22. 22. Got any Questions ?!
    23. 23. Factors that Affect Enzymes
    24. 24. Factors Affecting Enzyme Function <ul><li>Enzyme concentration </li></ul><ul><li>Substrate concentration </li></ul><ul><li>Temperature </li></ul><ul><li>pH </li></ul><ul><li>Salinity </li></ul><ul><li>Activators </li></ul><ul><li>Inhibitors </li></ul>catalase
    25. 25. Enzyme concentration enzyme concentration reaction rate What’s happening here? !
    26. 26. Factors affecting enzyme function <ul><li>Enzyme concentration </li></ul><ul><ul><li>as  enzyme =  reaction rate </li></ul></ul><ul><ul><ul><li>more enzymes = more frequently collide with substrate </li></ul></ul></ul><ul><ul><li>reaction rate levels off </li></ul></ul><ul><ul><ul><li>substrate becomes limiting factor </li></ul></ul></ul><ul><ul><ul><li>not all enzyme molecules can find substrate </li></ul></ul></ul>enzyme concentration reaction rate
    27. 27. Substrate concentration substrate concentration reaction rate What’s happening here? !
    28. 28. Factors affecting enzyme function <ul><li>Substrate concentration </li></ul><ul><ul><li>as  substrate =  reaction rate </li></ul></ul><ul><ul><ul><li>more substrate = more frequently collide with enzyme </li></ul></ul></ul><ul><ul><li>reaction rate levels off </li></ul></ul><ul><ul><ul><li>all enzymes have active site engaged </li></ul></ul></ul><ul><ul><ul><li>enzyme is saturated </li></ul></ul></ul><ul><ul><ul><li>maximum rate of reaction </li></ul></ul></ul>substrate concentration reaction rate
    29. 29. Temperature temperature reaction rate What’s happening here? ! 37°
    30. 30. Factors affecting enzyme function <ul><li>Temperature </li></ul><ul><ul><li>Optimum T° </li></ul></ul><ul><ul><ul><li>greatest number of molecular collisions </li></ul></ul></ul><ul><ul><ul><li>human enzymes = 35°- 40°C </li></ul></ul></ul><ul><ul><ul><ul><li>body temp = 37°C </li></ul></ul></ul></ul><ul><ul><li>Heat: increase beyond optimum T° </li></ul></ul><ul><ul><ul><li>increased energy level of molecules disrupts bonds in enzyme & between enzyme & substrate </li></ul></ul></ul><ul><ul><ul><ul><li>H, ionic = weak bonds </li></ul></ul></ul></ul><ul><ul><ul><li>denaturation = lose 3D shape (3° structure) </li></ul></ul></ul><ul><ul><li>Cold: decrease T° </li></ul></ul><ul><ul><ul><li>molecules move slower </li></ul></ul></ul><ul><ul><ul><li>decrease collisions between enzyme & substrate </li></ul></ul></ul>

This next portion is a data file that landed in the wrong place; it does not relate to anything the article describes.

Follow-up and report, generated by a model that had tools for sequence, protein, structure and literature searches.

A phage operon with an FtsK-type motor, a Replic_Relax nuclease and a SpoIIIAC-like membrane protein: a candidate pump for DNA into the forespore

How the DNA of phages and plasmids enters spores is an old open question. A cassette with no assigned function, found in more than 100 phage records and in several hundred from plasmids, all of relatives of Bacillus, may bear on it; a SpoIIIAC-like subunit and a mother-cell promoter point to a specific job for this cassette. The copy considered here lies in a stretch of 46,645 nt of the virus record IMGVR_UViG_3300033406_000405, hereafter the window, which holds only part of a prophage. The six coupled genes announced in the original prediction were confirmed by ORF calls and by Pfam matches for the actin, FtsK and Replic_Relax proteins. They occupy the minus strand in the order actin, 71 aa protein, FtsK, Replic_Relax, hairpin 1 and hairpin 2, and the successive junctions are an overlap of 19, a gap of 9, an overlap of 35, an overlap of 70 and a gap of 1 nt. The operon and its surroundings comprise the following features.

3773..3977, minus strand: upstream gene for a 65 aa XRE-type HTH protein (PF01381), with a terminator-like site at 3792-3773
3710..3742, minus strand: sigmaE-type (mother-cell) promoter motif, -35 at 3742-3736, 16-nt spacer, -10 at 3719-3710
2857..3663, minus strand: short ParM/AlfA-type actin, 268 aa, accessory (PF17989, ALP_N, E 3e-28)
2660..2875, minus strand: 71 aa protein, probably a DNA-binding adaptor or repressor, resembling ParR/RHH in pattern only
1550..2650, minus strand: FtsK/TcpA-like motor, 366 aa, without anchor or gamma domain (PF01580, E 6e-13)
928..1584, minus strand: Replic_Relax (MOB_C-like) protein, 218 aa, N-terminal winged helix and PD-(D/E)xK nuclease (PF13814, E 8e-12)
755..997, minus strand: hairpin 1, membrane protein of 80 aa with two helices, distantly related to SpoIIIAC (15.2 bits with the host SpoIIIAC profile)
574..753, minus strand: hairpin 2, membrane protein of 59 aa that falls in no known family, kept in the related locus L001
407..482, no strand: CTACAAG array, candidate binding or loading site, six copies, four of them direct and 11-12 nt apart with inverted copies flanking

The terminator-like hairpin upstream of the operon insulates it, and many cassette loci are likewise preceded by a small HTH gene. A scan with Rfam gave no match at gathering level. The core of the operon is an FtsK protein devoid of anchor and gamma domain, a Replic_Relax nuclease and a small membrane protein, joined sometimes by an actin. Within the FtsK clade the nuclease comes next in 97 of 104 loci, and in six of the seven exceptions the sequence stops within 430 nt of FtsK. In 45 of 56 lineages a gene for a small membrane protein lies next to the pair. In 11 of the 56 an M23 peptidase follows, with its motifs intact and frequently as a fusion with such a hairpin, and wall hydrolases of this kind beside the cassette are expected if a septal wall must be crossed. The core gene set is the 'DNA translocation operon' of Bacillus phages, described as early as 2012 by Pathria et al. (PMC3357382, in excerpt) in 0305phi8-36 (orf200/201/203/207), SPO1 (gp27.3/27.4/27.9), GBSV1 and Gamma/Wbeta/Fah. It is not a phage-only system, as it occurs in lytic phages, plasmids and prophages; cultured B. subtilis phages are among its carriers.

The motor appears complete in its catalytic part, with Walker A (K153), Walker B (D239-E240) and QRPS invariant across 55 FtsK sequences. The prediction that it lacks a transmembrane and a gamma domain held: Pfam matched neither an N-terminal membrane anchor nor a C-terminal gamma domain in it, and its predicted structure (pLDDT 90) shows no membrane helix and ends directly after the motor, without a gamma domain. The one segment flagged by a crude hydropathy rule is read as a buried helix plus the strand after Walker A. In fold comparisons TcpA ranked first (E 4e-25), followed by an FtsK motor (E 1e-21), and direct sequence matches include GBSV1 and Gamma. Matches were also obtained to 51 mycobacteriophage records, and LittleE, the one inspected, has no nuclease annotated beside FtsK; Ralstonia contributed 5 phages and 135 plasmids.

31. 31. Enzymes and temperature <ul><li>Different enzymes function in different organisms in different environments </li></ul>temperature reaction rate human enzyme hot spring bacteria enzyme (158°F) 37°C 70°C
    32. 32. How do ectotherms do it?
    33. 33. pH 7 pH reaction rate 2 0 1 3 4 5 6 8 9 10 pepsin trypsin What’s happening here? ! 11 12 13 14 pepsin trypsin
    34. 34. Factors affecting enzyme function <ul><li>pH </li></ul><ul><ul><li>changes in pH </li></ul></ul><ul><ul><ul><li>adds or remove H + </li></ul></ul></ul><ul><ul><ul><li>disrupts bonds, disrupts 3D shape </li></ul></ul></ul><ul><ul><ul><ul><li>disrupts attractions between charged amino acids </li></ul></ul></ul></ul><ul><ul><ul><ul><li>affect 2° & 3° structure </li></ul></ul></ul></ul><ul><ul><ul><ul><li>denatures protein </li></ul></ul></ul></ul><ul><ul><li>optimal pH? </li></ul></ul><ul><ul><ul><li>most human enzymes = pH 6-8 </li></ul></ul></ul><ul><ul><ul><ul><li>depends on localized conditions </li></ul></ul></ul></ul><ul><ul><ul><ul><li>pepsin (stomach) = pH 2-3 </li></ul></ul></ul></ul><ul><ul><ul><ul><li>trypsin (small intestines) = pH 8 </li></ul></ul></ul></ul>7 2 0 1 3 4 5 6 8 9 10 11